The justices of the Supreme Court of the United States have again limited the reach of Chevron deference. On May 28, 2019, the Court in Smith v. Berryhill carved another exception into what has lately proven to be its least-favored precedent. It held that Chevron deference does not apply to the scope of judicial review.
Under § 405(g) of the Social Security Act, judicial review is available for “any final decision of the Commissioner of Social Security made after a hearing.” After a hearing, an administrative law judge denied Social Security benefits to the petitioner. The Social Security Administration’s (SSA) final decisionmaker, the Appeals Council, dismissed the petitioner’s appeal on timeliness grounds.
The petitioner appealed that dismissal to the U.S. District Court for the Eastern District of Kentucky, which ruled that it lacked jurisdiction to hear the appeal. The Sixth Circuit affirmed on the ground that “an Appeals Council decision to refrain from considering an untimely petition for review is not a ‘final decision’ subject to judicial review in federal court.” The Supreme Court granted certiorari to resolve a conflict among the circuits on whether a dismissal by the Appeals Council was reviewable as a final decision made after a hearing.
Before the Supreme Court, it was argued that § 405(g) was ambiguous and that the SSA’s longstanding interpretation was entitled to deference under Chevron U.S.A. Inc. v. Natural Resources Defense Council, 467 U.S. 837 (1984). The Chevron doctrine requires federal courts to defer to an agency’s interpretation of a statute if (1) the statute is ambiguous and (2) the agency interpretation is reasonable.
The Supreme Court’s Decision
The Supreme Court held that Chevron was inapplicable. It explained that Chevron deference “‘is premised on the theory that a statute’s ambiguity constitutes an implicit delegation from Congress to the agency to fill in the statutory gaps.’ . . . The scope of judicial review . . . is hardly the kind of question that the Court presumes that Congress implicitly delegated to an agency.” In concluding that “Congress did not delegate to the SSA the power to determine ‘the scope of the judicial power vested by’ §405(g) or to determine conclusively when its dictates are satisfied,’” it cited Adams Fruit Co. v. Barrett, 494 U.S. 638, 649–650 (1990), where it declined to defer to an agency’s view of whether a statute foreclosed a private right of action.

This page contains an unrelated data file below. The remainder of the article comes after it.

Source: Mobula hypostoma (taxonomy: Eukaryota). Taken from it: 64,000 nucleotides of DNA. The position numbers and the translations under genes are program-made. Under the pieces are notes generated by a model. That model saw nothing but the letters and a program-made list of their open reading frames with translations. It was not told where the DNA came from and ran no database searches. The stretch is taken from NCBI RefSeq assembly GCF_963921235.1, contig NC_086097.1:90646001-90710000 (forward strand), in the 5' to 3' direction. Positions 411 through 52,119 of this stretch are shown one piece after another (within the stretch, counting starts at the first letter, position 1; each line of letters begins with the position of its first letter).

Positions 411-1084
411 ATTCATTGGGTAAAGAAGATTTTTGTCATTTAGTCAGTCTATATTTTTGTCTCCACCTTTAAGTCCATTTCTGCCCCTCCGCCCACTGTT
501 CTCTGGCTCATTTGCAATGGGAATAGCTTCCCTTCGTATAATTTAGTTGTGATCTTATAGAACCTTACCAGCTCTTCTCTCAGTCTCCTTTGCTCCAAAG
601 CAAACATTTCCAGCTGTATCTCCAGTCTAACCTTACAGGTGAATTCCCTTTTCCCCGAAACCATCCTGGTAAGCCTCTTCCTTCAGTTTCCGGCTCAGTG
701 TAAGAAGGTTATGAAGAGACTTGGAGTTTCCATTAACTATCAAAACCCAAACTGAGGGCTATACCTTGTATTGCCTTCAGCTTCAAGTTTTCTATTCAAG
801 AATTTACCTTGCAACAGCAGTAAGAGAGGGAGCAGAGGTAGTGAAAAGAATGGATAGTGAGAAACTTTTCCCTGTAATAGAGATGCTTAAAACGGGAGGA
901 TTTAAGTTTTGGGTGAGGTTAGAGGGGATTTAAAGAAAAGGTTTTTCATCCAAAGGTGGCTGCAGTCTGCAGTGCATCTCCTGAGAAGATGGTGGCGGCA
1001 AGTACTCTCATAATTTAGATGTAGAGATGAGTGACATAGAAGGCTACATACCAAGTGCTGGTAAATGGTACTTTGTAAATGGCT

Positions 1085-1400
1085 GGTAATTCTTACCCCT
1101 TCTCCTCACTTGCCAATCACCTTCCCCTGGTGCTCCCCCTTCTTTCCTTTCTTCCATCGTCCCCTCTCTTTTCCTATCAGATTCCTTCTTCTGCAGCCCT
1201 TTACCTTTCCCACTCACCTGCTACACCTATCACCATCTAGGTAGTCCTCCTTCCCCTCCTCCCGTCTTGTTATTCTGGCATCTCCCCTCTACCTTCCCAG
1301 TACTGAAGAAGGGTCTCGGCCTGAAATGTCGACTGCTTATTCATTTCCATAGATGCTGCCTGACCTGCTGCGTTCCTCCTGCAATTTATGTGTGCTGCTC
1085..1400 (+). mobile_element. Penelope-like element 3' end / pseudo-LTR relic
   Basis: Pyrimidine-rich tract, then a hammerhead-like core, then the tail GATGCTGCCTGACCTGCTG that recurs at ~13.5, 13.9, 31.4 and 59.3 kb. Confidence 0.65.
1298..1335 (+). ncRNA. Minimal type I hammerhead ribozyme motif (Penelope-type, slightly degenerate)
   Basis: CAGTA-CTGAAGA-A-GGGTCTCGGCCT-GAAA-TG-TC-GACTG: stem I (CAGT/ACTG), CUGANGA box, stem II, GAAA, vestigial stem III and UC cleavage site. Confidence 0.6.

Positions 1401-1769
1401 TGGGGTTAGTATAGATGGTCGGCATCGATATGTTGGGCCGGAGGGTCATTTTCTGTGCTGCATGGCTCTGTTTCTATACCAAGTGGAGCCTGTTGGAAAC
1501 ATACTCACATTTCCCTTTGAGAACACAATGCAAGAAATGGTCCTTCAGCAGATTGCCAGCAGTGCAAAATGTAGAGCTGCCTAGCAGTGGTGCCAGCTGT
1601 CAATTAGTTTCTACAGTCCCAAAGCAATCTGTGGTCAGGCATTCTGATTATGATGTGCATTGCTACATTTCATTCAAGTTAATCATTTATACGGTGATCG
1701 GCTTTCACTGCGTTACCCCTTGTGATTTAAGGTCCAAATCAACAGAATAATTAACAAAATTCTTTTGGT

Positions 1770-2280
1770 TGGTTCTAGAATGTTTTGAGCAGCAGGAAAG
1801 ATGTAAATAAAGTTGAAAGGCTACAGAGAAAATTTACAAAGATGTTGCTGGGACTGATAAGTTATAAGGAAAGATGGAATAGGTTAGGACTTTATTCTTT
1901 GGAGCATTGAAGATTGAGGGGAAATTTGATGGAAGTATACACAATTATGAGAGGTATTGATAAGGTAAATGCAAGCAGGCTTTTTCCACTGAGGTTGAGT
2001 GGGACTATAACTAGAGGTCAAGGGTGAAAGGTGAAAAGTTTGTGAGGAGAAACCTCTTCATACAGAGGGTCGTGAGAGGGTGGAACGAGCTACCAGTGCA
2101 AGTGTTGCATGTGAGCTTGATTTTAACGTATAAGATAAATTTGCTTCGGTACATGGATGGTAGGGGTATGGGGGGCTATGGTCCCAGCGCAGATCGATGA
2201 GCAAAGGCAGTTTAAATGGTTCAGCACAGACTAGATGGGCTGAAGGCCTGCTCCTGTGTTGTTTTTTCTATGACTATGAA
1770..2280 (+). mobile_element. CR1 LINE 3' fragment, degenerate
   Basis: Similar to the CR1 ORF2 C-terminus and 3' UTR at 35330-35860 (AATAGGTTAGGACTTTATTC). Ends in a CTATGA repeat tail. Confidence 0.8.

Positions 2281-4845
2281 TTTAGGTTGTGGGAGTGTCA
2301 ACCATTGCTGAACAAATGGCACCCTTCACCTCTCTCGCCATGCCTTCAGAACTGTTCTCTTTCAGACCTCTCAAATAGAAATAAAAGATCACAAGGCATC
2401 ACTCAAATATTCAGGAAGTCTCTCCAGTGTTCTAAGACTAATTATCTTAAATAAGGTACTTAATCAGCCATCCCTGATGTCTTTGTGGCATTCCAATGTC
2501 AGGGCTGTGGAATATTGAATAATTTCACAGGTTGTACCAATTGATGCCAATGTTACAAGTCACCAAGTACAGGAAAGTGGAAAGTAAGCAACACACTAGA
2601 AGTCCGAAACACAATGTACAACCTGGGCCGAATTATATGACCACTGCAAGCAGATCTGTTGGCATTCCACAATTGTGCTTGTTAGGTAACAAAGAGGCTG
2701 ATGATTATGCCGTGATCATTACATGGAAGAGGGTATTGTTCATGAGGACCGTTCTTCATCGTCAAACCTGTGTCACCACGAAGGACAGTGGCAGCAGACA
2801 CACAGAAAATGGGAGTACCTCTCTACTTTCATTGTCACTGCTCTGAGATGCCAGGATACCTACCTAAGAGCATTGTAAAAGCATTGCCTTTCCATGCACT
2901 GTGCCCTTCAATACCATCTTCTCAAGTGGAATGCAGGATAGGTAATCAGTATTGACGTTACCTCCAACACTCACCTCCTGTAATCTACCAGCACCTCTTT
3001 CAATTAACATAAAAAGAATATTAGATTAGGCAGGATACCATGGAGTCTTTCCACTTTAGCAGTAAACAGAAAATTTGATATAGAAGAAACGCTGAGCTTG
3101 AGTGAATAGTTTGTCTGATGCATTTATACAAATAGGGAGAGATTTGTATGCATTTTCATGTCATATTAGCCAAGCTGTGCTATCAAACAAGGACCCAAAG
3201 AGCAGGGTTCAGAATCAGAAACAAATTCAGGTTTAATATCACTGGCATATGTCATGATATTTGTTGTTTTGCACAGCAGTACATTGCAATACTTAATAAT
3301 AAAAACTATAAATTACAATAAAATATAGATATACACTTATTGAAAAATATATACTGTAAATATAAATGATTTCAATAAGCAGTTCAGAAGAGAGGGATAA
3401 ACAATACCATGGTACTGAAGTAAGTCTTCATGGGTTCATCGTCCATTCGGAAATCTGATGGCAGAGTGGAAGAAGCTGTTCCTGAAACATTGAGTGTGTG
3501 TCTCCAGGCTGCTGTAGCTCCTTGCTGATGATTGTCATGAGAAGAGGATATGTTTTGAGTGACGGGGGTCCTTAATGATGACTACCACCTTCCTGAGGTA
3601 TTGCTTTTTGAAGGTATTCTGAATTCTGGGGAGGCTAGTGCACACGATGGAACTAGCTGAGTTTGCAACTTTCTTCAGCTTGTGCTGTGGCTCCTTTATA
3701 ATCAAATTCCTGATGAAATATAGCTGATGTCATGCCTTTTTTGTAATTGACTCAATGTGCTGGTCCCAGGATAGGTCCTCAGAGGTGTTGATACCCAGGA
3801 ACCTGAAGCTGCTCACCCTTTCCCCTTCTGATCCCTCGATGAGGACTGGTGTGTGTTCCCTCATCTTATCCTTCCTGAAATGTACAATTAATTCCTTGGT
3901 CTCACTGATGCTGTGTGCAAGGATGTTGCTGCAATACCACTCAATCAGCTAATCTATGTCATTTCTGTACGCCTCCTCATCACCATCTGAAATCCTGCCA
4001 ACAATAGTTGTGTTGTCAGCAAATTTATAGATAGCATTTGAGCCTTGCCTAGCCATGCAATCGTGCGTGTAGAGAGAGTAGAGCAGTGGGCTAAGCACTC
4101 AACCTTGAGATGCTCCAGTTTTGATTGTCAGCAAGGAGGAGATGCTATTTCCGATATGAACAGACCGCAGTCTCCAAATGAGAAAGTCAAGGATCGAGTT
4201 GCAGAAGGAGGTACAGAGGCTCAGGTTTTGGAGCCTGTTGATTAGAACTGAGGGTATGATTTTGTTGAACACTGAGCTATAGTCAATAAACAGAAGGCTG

The Court’s holding and its use of Adams Fruit might extend to other questions. One example is a statute of limitations. Although usually nonjurisdictional, statutes of limitations are often intended to cabin an agency’s prosecution authority. In AKM LLC v. Secretary of Labor, 675 F.3d 752 (D.C. Cir. 2012), Judge Brown stated in a concurring opinion:
Agency interpretations of statutes of limitations . . . are . . . poor candidates for deference. In general, statutes of limitations are not the sort of technical provisions requiring or even benefiting from an agency’s special expertise. Rather, much like many jurisdictional provisions, these are texts with which courts are intimately familiar, as we interpret and apply them every day.
Finally, and perhaps most compellingly, statutes of limitations are designed to constrain the government’s enforcement authority.
Counsel might do well to keep this example in mind in the wake of Smith v. Berryhill.